- As effort-defining policies, targets and standards can be effective in combination with each other provided they differ in scope (e.g. according to system boundary, participant definition, sectoral scope, primary objective, etc.). In a combined application of targets and standards, minimum efficiency standards would work on the bottom-end of the market (in terms of efficiency) to establish a floor, while targets can go beyond these actions and aim for higher ambition levels.
- To define ambitious energy efficiency or GHG-reduction goals, governments, industry representatives and third-party experts should be involved in the design and negotiation process. Experience has shown that the hiring of third-party sector experts allows governments to negotiate more ambitious targets than would otherwise have been the case. A consultative process can also support targets that are more ambitious.
- Although the use of aggregated-level data can be challenging in setting ambitious differentiated targets, the inability to improve on this data immediately should not be a reason for delaying action. At the start of a scheme, policymakers need to ensure that the data collection requirements become more detailed through time. As governments become capable of collecting granular process-level data, targets can be fine-tuned over time to ensure ambitious efforts while maintaining the visibility of prices, policy decisions and the rules of the scheme to provide long-term certainty for investors.
- Where barriers to energy savings have been identified, supporting measures (in the form of carrots or sticks) are often needed to support effort-defining policies and encourage action. The choice and design of these supporting measures depend on the specific barriers of the country and sector, their interaction with other policies, and the political and cultural
characteristics of the country in which the supporting measures are being developed.
- Energy management programmes, if cohesively linked to effort-defining policies and supported by training and incentives, can be very effective as supporting measures. Experience in European countries has shown that such programmes can usefully contribute to enhanced energy-savings performance, facilitate company achievement of effort-defining policies and ease the burden of compliance checks on the government.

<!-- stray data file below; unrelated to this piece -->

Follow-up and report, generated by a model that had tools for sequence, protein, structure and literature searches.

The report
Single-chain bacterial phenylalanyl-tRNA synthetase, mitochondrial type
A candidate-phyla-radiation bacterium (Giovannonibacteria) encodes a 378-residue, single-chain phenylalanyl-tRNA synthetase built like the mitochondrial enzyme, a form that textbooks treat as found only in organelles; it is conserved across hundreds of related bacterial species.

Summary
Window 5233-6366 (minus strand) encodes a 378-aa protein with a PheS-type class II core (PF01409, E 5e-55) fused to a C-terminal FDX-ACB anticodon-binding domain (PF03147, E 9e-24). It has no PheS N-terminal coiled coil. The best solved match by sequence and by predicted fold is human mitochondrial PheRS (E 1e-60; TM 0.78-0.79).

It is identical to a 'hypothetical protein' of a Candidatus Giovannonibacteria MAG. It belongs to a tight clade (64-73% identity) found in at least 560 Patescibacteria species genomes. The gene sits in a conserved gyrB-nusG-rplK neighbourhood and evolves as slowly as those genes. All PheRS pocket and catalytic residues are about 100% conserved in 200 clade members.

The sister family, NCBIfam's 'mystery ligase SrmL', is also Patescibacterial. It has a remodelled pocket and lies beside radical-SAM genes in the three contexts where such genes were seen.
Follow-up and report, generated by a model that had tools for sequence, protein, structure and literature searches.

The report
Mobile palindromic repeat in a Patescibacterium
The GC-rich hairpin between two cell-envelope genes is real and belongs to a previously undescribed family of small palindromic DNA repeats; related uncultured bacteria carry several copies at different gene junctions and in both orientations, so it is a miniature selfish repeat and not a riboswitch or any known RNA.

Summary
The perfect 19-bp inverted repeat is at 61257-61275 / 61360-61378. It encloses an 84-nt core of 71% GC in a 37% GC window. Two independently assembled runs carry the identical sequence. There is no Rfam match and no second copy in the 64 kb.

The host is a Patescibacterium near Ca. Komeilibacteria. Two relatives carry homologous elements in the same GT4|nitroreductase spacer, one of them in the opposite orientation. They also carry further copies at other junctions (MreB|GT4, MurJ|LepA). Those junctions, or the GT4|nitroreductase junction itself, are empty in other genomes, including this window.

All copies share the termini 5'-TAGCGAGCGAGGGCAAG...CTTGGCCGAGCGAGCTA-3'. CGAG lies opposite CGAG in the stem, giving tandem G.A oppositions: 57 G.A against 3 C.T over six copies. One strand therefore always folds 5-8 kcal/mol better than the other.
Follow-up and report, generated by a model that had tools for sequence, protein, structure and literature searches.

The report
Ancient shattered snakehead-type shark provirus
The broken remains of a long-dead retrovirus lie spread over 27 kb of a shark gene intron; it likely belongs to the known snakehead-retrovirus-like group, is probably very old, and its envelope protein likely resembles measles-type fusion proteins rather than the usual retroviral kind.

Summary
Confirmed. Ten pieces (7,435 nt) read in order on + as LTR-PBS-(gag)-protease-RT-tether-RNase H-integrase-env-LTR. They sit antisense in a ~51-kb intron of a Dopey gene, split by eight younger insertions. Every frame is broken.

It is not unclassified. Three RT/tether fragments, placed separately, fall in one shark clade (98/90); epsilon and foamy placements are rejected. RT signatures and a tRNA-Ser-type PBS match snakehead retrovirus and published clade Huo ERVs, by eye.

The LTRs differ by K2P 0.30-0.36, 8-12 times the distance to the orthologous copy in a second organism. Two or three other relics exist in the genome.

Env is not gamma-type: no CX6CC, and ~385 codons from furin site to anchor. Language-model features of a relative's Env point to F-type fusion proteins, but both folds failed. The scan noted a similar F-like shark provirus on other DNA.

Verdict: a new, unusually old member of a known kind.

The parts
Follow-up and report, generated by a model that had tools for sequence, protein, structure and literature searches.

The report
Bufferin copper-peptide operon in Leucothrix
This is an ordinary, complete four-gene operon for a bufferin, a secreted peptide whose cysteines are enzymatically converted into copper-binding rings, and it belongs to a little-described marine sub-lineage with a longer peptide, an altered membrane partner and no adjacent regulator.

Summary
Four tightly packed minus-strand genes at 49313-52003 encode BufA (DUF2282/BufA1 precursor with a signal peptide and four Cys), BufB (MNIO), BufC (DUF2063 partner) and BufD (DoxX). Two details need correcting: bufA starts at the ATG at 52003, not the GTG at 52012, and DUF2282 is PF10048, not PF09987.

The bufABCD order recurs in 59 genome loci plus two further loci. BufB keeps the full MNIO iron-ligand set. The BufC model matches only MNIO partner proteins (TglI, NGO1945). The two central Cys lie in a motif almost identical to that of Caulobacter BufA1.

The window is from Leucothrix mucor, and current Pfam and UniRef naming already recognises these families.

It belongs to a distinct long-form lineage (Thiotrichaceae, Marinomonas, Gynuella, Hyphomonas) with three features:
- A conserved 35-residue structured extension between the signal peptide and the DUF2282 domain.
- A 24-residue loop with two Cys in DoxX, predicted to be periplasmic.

- A comprehensive implementation toolbox is needed to support the implementation and achievement of effort-defining policies and supporting measures. An ideal situation is one where a country sets an effort-defining policy, and simultaneously, or quickly thereafter, develops a set of supporting measures and an implementation toolbox to facilitate the implementation of both policies and measures. In some cases, tools and guidelines can be developed first and can then form part of the implementation toolbox once policies and measures have been established.
- A transparent monitoring, reporting and verification process is needed to assess the effectiveness of the policy, allow ongoing evaluation and possible adjustment of the policy, and build trust.
- As policymakers define policies, governments need to identify, from the start, the parameters and indicators that will be monitored to allow ongoing and ex-post evaluations. Policy efficiency and free riding should be assessed, in addition to effectiveness, in ex-post policy evaluation to ensure that the policy is achieving the desired goals at lowest costs to society and the target group.